Cameron, being the smart and sympathetic nerd we are supposed to root for that he is, devises a plan to leverage Donner's lust and convinces him to pay the school's resident bad-ass-who-looks-way-too-old-to-be-in-high-school, Patrick (played by Heath Ledger) to date Kat so that Bianca would then also be allowed to date and Cameron can swoop in and everyone can live happily ever after -- except Bianca and Kat's dad who founded said tyrannical rule in the first place. 

It's all very complicated in the way that real high school is very complicated -- which is to say that it is more complex than it needs to be while you're looking at it head on and far simpler than you ever thought it was while looking back at it.

Katherina becoming Kat and Petruchio becoming Patrick is somewhere just to the left or right of the thin line separating laziness and creative genius, but the surnames being nods to Shakespeare more than makes up for any perceivable lack of effort or ingenuity.  

Most importantly though, the lack of naming imagination doesn't matter when both those roles were filled as well as any role has ever been filled in a teenage movie.

And as much as anything else, casting like that is what this film absolutely nailed.

It gifted the world the big screen debuts of Heath Ledger, Julia Stiles, and Joseph Gordon-Levitt and Hollywood was a better place because each of those humans were a part of it.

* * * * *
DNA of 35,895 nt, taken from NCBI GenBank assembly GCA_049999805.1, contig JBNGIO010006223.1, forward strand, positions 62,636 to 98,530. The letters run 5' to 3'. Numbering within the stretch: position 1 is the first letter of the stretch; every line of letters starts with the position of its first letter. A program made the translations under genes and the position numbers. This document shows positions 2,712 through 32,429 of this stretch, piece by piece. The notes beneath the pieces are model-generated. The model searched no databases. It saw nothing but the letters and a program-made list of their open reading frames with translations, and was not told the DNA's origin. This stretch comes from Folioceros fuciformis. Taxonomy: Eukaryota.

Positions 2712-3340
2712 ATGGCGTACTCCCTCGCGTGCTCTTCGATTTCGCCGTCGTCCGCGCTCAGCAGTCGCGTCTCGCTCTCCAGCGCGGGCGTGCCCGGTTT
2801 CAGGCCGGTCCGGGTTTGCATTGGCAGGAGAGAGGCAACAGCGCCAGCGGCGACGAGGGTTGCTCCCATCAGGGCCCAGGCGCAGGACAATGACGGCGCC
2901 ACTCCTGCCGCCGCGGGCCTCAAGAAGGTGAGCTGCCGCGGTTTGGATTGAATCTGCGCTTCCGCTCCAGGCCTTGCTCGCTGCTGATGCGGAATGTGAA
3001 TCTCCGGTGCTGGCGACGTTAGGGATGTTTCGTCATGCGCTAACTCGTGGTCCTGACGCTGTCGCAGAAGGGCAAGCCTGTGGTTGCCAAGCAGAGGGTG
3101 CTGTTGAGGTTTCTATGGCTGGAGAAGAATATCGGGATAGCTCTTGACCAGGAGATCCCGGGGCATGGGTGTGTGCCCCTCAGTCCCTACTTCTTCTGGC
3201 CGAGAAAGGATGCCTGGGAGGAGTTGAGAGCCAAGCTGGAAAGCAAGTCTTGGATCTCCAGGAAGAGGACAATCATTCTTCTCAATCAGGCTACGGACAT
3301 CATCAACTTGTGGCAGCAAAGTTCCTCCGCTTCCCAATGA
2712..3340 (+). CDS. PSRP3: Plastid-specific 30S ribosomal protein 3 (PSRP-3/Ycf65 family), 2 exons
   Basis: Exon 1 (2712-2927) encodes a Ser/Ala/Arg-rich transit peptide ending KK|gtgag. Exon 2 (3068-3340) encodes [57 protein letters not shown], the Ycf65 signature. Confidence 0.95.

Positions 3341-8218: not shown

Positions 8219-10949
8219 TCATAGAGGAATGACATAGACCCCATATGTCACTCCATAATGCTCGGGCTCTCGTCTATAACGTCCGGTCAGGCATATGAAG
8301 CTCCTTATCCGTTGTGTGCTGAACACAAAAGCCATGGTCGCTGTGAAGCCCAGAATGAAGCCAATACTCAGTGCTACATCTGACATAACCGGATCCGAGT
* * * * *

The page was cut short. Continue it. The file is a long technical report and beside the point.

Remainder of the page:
But as movies age, perhaps the most necessary quality for them to remain engaging, enjoyable, and re-watchable are the individual scenes within them and the standalone ways in which they're captivating. There are entire podcasts dedicated to the idea.

It's why Jack Nicholson yelling at Tom Cruise and telling him that he can't handle the truth in A Few Good Men will always be worth watching when it's on T.V.

It's why Bruce Willis climbing through the ventilation system at Nakatomi Plaza is still fun enough for Die Hard to be a movie that people watch on Christmas. 

It's why the alien bursting out of John Hurt's body in Alien is still gross and great and something to look forward to every time it's on even though the franchise is on its sixth film and the original is creeping up on its 40th birthday.